SAN FRANCISCO — Customers of California’s two largest utilities who use the most electricity will pay much more to run canneries, tumble laundry or water crops under a tiered rate plan implementing record hikes approved in March.
The rate plan proposed Wednesday by Loretta Lynch, president of the state Public Utilities Commission, suggests how the record rate hikes should be allocated among residential, industrial, commercial and agricultural customers.
Residential customers of Pacific Gas and Electric Co. and Southern California Edison Co. who use the most electricity would face average rate hikes of 35-40 percent, said Paul Clanon, director of the PUC’s energy division. The increases do not affect customers of San Diego Gas and Electric Co.
And industrial users, such as factories and food processors, could face hikes of 50 percent or more as the state desperately tries to start recouping the $5.2 billion it already has paid to buy power for customers of those financially ailing utilities.
But, under Lynch’s plan, as many as half of the 9 million customers of PG&E and SoCal Edison would not see their bills rise at all.
“I thought it should be spread so each kind of customer class shares the burden, rather than by usage, which weighs against large (commercial, agricultural and industrial) users,” Lynch said.
“The simple reality for at least 50 percent of residential consumers is that their bills are going up,” countered Mindy Spatt, spokeswoman for The Utility Reform Network, after the news conference.
Lynch also called for a study on creating a real-time pricing pilot program for large customers and federal agencies. Proponents of real-time pricing say that charging customers the full price of electricity during hours of high demand will prompt them to shift their use to cheaper times of the day.
“For those who want those kinds of theories to be tested, why not let them test them?” Lynch said. Though it would be great, Lynch said, if shifting demand brought down record wholesale power prices, “I don’t think it’s possible.”
Spokesmen from both utilities said they had yet to see the official proposal and were not ready to comment. Many groups involved in the proceedings said the delay left less time to meet Thursday’s deadline for written remarks on the proposals.
An attorney with the California Farm Bureau Federation said it’s unfair that residential customers are shielded from rate increases for a portion of their use, while farmers would be charged more for every kilowatt.
“I think it’s clear people are going to be impacted tremendously by these rate increases,” said Ron Liebert.
“Even if you only got 30 percent, that’s still on top of the 1 cent (increase) that went in effect in January.”
Lynch’s plan is the culmination of weeks of discussion among customers, state officials, consumer activists and the utilities about how best to allocate the record rate hikes approved in late March by the PUC.
Those rate hikes will affect all classes of customers, from small families to the huge Silicon Valley facilities powering the Internet, but not all will face the same magnitude of rate increases.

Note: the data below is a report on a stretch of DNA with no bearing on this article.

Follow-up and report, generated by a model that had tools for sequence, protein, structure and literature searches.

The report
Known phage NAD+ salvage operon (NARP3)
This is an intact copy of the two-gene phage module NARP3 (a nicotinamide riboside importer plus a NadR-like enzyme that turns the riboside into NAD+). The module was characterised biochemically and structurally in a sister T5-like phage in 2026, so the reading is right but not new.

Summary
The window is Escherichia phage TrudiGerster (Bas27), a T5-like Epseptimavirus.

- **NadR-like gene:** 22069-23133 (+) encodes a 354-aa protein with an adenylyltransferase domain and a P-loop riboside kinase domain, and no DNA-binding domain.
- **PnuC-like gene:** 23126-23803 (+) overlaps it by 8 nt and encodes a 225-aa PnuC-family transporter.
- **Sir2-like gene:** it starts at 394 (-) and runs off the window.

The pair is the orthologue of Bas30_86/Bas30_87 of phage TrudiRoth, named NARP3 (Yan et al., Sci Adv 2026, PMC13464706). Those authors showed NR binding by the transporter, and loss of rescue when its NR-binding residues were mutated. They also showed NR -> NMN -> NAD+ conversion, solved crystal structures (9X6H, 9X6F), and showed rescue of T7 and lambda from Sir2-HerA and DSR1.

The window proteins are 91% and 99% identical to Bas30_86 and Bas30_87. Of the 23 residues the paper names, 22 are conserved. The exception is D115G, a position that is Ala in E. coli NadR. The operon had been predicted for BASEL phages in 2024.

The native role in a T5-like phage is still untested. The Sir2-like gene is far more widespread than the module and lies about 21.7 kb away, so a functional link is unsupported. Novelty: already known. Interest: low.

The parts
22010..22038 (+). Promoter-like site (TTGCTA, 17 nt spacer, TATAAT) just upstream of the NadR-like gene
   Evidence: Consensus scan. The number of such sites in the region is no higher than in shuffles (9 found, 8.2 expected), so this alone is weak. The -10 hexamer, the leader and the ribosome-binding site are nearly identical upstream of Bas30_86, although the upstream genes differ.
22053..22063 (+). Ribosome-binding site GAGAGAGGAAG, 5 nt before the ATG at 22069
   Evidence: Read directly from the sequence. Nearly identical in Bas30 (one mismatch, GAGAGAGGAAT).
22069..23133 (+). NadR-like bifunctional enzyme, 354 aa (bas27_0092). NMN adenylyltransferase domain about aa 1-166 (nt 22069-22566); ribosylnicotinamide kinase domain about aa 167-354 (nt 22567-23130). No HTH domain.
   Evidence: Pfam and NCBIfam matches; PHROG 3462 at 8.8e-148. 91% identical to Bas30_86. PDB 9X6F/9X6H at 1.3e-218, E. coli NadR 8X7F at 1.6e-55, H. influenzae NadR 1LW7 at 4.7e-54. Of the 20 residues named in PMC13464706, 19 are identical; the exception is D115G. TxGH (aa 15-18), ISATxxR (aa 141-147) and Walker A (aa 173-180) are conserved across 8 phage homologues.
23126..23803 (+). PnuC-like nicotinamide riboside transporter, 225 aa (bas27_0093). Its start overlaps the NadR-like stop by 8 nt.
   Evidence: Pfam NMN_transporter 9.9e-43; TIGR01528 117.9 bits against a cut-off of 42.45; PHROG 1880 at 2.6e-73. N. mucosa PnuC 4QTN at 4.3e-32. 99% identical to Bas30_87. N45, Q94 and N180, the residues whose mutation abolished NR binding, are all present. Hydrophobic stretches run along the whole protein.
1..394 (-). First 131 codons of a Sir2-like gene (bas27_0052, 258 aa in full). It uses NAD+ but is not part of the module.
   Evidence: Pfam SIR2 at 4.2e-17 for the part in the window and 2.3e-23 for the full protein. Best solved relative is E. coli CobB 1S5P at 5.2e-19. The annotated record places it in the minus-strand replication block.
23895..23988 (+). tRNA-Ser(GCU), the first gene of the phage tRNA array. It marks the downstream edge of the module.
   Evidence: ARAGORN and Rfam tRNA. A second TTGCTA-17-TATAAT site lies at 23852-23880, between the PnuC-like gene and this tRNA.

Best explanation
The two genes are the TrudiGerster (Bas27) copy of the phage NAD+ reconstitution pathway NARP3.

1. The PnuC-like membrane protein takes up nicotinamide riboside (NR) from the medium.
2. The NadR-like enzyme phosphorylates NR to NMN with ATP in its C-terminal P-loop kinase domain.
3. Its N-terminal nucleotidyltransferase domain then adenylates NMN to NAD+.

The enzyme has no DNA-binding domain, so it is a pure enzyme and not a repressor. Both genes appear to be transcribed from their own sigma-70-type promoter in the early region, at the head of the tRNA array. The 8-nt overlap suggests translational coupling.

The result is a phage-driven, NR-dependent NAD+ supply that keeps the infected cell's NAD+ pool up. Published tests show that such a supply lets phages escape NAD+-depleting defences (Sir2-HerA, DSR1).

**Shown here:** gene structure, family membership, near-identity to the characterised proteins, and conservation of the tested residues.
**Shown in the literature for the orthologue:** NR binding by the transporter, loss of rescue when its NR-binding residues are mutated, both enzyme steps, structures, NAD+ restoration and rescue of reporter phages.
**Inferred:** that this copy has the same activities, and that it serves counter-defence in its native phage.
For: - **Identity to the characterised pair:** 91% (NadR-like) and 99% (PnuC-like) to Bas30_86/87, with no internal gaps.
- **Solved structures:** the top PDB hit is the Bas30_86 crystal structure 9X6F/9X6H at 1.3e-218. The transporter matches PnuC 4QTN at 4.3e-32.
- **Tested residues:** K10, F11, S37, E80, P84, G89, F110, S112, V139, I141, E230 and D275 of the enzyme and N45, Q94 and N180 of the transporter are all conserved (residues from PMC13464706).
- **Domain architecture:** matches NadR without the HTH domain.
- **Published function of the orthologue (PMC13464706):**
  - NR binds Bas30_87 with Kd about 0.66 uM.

And, even within those classes, customers will pay more depending on when they use the electricity. Those who use power during times of highest demand – generally, during daylight hours – will pay the most.
Lynch said her plan “recognizes that energy is expensive at every hour of every day by every customer,” but penalizes those who do not cut back on energy use or try to shift to different times of the day.
Under Lynch’s proposal, agricultural customers could face rate hikes ranging from 23-30 percent, with increases capped at 30 percent. Industrial users face average increases of 50 percent or more, and commercial users average 34-45 percent hikes.
Her proposal, Lynch said, designs rates to encourage conservation and provides $5 billion over the next year to help pay the state Department of Water Resources for the billions it has spent providing electricity for customers of PG&E and Edison.
Lynch left the door open for future rate hikes, noting that the state provides its electricity-buying expenses to the commission only on a monthly basis, while wholesale electricity prices continue to soar.
Lynch’s proposal, and a largely similar proposal from PUC administrative law judge Christine Walwyn, will be reviewed in public hearings throughout the state the rest of this week, though that leaves little time between their input and the PUC vote.
Parties to the distribution plan – including large industrial power users, consumer watchdog groups and the California Energy Commission – will have the chance to speak about the two proposals Friday in San Francisco.
The PUC then will meet Monday to approve a rate design that will start appearing on customers’ bills as early as June 1. The PUC initially approved the rate increases March 27, and power used during the six-week interim period will be subject to the new rate design and charged to customers over the next 12 months.
Since late March, the PUC has reviewed dozens of proposals for how it should allocate those record rate hikes.
Lynch’s system divides California utility customers into five different tiers based on how much electricity they use. Under state law, customers face no rate increase for electricity they use that is up to 130 percent of their baseline amount.
Baseline is an average amount of usage based on climate, geography and season. Utilities use this average, set by the PUC, to fairly bill customers so that customers are not penalized for living in the desert rather than in more temperate climes.
Low-income customers within 175 percent of federal poverty levels also are exempt from rate hikes.
Those are the first two tiers. Each of the three higher tiers for residential customers are based on how much power is used, with higher rates charged as usage increases.
On the Net: